On reclaiming girlishness
Earlier this month, I was alerted to a new project on the SHOWstudio website, entitled Girly. Created by editor Lou Stoppard and director Nick Knight, Girly aims to unpick fashion’s relationship with overt, cartoon femininity and it does so in typical SHOWstudio style via a series of essays and interviews, a fashion film and a playlist. Writers, stylists, academics, artists, photographers and journalists come together to produce a fascinating look at a somewhat divisive trend.
I’ve always had a love-hate relationship with femininity. In my own clothing it is where I feel most at home, yet I despise what it signifies to others. Just because I prefer full skirts and wear bows in my hair, doesn’t mean I can be easily dismissed as stupid or unprofessional. I embrace a femme identity in that I knowingly take what is expected for women to wear and I make it play by my rules. I may dress in a way my grandmother would have approved of, but that doesn’t mean I seek approval from anyone other than myself. It feels like a form of drag sometimes – pretending I’m a girly girl, pretending I care about nothing other than how great my shoes are – but one that no one but me will likely notice.
This is why I was interested in SHOWstudio’s investigation ‘into the exaggerated almost fetishistic girliness championed on some runways, by certain female musicians and celebrities, and, with increasing frequency, on Tumblr and Instagram.’ I’ve never been a fan of the candy coloured fluffy doll-like girly look for myself and, as someone fast approaching the age of 40, suspect I will never go there for anything other than fancy dress. However, I fully stand by a woman’s right to dress this way if she chooses. Or, at least, I thought I did. It goes back to the fact that I despise what it signifies to others… what of the women who wear the look out of ignorance and don’t realise that they might be spoken down to or dismissed (even more than usual) as a result?
An essay by London College of Fashion‘s Morna Laing on Meadham Kirchhoff’s ‘A Wolf in Lamb’s Clothing’ collection was the first piece of the project that I looked at, and it proved to be an excellent place to begin. Laing wonders whether ‘twenty-first-century articulations of “girly”, like those of Meadham Kirchhoff, succeed in re-signifying childlike femininity, overriding the historical connotations of female inferiority?’ and goes on to discuss the 1990s look favoured by Courtney Love and dubbed Kinderwhore, discussing it as ‘same-sex drag: exaggerating the contradictory demands of ideal femininity […] subverting it from within.’ It’s a thought-provoking piece and I urge you to read it, although I couldn’t quite resist one more excellent quote:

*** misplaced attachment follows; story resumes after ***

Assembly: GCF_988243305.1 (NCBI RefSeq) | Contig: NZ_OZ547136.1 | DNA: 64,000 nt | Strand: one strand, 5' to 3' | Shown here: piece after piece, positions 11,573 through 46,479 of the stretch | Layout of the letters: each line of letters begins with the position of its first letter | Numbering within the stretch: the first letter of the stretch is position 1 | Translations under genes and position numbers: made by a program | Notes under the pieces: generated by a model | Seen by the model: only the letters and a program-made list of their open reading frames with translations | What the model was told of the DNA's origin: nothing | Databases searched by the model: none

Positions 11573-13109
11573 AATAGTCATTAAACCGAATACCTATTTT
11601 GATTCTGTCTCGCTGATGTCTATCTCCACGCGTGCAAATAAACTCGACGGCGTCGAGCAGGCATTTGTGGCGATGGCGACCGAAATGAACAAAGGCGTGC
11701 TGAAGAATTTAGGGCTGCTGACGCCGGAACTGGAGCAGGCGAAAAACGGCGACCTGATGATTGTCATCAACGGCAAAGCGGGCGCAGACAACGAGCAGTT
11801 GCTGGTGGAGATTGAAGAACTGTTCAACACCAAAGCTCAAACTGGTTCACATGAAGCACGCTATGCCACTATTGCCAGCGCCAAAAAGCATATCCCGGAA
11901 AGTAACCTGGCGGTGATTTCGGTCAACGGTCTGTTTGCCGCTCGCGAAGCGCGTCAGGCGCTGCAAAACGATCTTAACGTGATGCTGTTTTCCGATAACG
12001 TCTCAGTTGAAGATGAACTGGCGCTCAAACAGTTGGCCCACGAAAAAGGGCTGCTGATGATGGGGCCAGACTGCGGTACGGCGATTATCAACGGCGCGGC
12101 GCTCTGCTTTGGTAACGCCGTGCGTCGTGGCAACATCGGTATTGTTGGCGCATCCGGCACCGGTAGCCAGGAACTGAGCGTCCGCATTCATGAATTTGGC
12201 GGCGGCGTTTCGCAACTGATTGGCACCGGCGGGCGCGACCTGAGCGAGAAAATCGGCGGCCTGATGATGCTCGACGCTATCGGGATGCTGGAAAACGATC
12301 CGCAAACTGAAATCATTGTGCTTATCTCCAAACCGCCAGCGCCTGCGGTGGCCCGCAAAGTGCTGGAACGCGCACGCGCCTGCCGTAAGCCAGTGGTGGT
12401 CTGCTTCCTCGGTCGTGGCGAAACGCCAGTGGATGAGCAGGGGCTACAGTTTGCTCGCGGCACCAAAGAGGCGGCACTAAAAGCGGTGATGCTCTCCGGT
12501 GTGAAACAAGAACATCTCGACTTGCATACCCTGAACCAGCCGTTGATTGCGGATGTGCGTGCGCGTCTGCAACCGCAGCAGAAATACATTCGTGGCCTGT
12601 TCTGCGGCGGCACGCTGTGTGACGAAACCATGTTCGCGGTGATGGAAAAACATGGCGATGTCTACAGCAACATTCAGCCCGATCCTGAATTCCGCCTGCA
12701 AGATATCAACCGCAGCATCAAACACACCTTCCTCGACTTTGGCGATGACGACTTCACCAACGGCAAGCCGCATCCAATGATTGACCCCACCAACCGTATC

The ‘woman-child’ is a figure that recurs time and time again in the fashion media. And these childlike femininities often go with the grain of normative femininities, presenting a vision of woman that is submissive or vulnerable. Such femininities are problematic in that they naturalise childlike femininity by presenting it as coherent, thus tying in with de Beauvoir’s notion of woman as the ‘eternal child’.
The second piece I looked at was Lou Stoppard‘s essay Basic Bitches, which takes a rather harsh look at a new generation of women that she claims have been prevented from growing up. I’ll admit, it was a tough read for someone who sees no problem with 20-somethings carrying Hello Kitty bags, but then Stoppard nailed it: ‘Young women have no idea who our role models are. We want to be strong but can’t be the “power career women” Vogue makes a trend of each season because no one wants to hire us.’ How can these lost 20-somethings with their huge student debts become the grown women that luxury brands sell to? When you can’t break into a good career without undertaking an unpaid internship first, maybe Instagramming your Barbie accessories for your followers’ approval is like a comfort blanket?
This is a complex discussion and SHOWstudio covers many angles. The project also contains a fashion film by Nick Knight and Rei Nadal, an essay on Lolita, one on Luella, an analysis of the Lost Girls trope, a fascinating piece on Girl Power, and Bertie Brandes on Commodifying Feminism who, quite rightly says ‘It’s offensively trite, particularly to those customers who really did fight for women’s rights at the end of the 20th century and probably aren’t thrilled about seeing feminism sugar-coated in the name of capitalism.’ However, the images of Jeremy Scott’s Moschino Barbie collection accompanying the piece do not speak to me of feminism. They express a light hearted girlishness which is unconcerned with anything other than a carefully groomed yet playful appearance.
If you’re in any doubt that the girly trend is here to stay, check out the trailer for Disney’s live action version of Cinderella that’s scheduled for release in March 2015. If United Nude don’t sell more of its classic yet glass-slipper-esque Lo Res Pump as a result of that movie’s release, I’ll be very surprised. I have to admit… I already own them in pink.